5 Questions Learning Practitioners Must Answer

5 Questions Learning Practitioners Must Answer
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Summary: What does it take to earn the respect of operational leaders for your learning efforts? It's about preparing yourself to address your stakeholders' primary concerns well before any learning design is done. But in order to earn respect, you must respect their concerns and expectations.

Stakeholders Ask Questions, Learning Practitioners Provide Solutions

What is it about operational stakeholders? They keep getting in the way of our learning efforts! I hear this, or variations of it, over and over from many within the learning function. This type of questions toward learning practitioners is quite common. You'll never gain respect from operational leaders with this myopic perspective. It will also get your budget cut and put your role at risk. Here's a typical example: you design an excellent learning effort that will clearly drive results. You bring it back to the operational manager, your internal customer, and they ask you a myriad of questions, such as "How much is this going to cost?" or "How much time is this going to take?"

You're shocked! They came to you to address their concerns! Suddenly, it feels like they changed their minds. Instinctively, you feel rejected. You believe they lost interest in what you have to offer. Rest assured, this is far from the case. The perceived negative pushback is really "please convince us we're making the right choice" questions. Your stakeholders, the decision-makers, are under pressure to make prudent choices and maximize limited resources.

So, what do you need to do to get the respect your learning effort deserves? You've heard me say it before; stop focusing on learning and start focusing on what's relevant to the business. Simply, help operational leaders improve their operational results. Address and answer 5 primary operation concerns of internal decision-makers to build confidence for your learning proposal. Here's how you should answer each one.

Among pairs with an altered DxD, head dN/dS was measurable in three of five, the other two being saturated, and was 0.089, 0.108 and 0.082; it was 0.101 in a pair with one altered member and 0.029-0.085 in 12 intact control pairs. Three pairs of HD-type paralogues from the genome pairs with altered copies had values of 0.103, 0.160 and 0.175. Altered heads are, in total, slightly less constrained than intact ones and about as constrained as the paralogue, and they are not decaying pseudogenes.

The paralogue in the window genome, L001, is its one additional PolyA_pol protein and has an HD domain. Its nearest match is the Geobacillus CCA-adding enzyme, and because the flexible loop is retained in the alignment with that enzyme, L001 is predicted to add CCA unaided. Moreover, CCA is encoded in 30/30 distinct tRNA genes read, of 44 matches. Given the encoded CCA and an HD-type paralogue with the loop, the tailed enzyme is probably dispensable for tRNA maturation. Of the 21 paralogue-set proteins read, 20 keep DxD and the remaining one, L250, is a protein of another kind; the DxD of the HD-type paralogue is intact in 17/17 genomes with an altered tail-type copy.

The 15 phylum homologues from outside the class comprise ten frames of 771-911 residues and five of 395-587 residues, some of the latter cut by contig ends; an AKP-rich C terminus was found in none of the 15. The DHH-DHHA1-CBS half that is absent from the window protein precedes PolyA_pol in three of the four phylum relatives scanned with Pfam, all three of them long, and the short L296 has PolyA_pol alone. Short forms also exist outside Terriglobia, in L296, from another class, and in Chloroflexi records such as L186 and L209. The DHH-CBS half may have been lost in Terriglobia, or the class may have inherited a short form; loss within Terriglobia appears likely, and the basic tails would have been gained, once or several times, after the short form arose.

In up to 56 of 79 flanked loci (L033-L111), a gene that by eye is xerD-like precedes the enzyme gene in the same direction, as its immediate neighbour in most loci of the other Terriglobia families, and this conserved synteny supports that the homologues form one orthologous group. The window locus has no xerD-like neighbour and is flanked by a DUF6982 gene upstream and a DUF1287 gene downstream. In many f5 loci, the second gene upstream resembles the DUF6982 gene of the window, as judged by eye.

1. What’s Their Budget For Training?

My first boss taught me a lot. One thing he would always say, "Son, find out what they're willing to spend and then work within it to make them happy." Why? Because this is their financial limitation. Look at it this way, personally you may want a $150K Range Rover but in reality, you can realistically afford a Chrysler mini-van. It's the same for your internal customer. Ideally, they want the perfect solution but in reality, they want you to solve their problem.

You need to know what their budget is well before developing any learning solution. Why? Because you're spending their money. This is one thing learning practitioners often forget. Your learning budget comes from your internal customer's budget for you to do what you do best. So, don't design or even think about developing a learning initiative before discovering what is their budget. Doing so will completely forego the "What is this going to cost?" or similar questions for learning practitioners because they already know what it will cost. And if they forget what it costs, you can safely reply, "It's within your budget."

2. How Will You Use The Money?

Back to my boss's wisdom—he was an awesome mentor. He would always remind me to "sell the customer what they want to buy, not what you want to sell." (He also said this would help when I get into arguments with my spouse...he was so right!) Your internal customers are usually operational managers. They have many constraints and are under significant pressure to make the most of the available resources. Naturally, they'll want to know exactly how you'll spend their money.

They're asking you to show the value you're expected to deliver. Now, you don't have to go into great detail. It's not that they aren't interested but rather, they need to know how your training will help employees achieve their operational objectives. Just don't explain how the sausage is made; no one wants to know that level of detail. Doing so will only raise more questions that you may not be ready to answer.

Your first step, to the best of your ability, is identifying their learning requirements. It's more than just identifying skills gaps; it's actually about identifying performance gaps and then defining the skills the employees require to achieve specific performance objectives. This is what they want to know.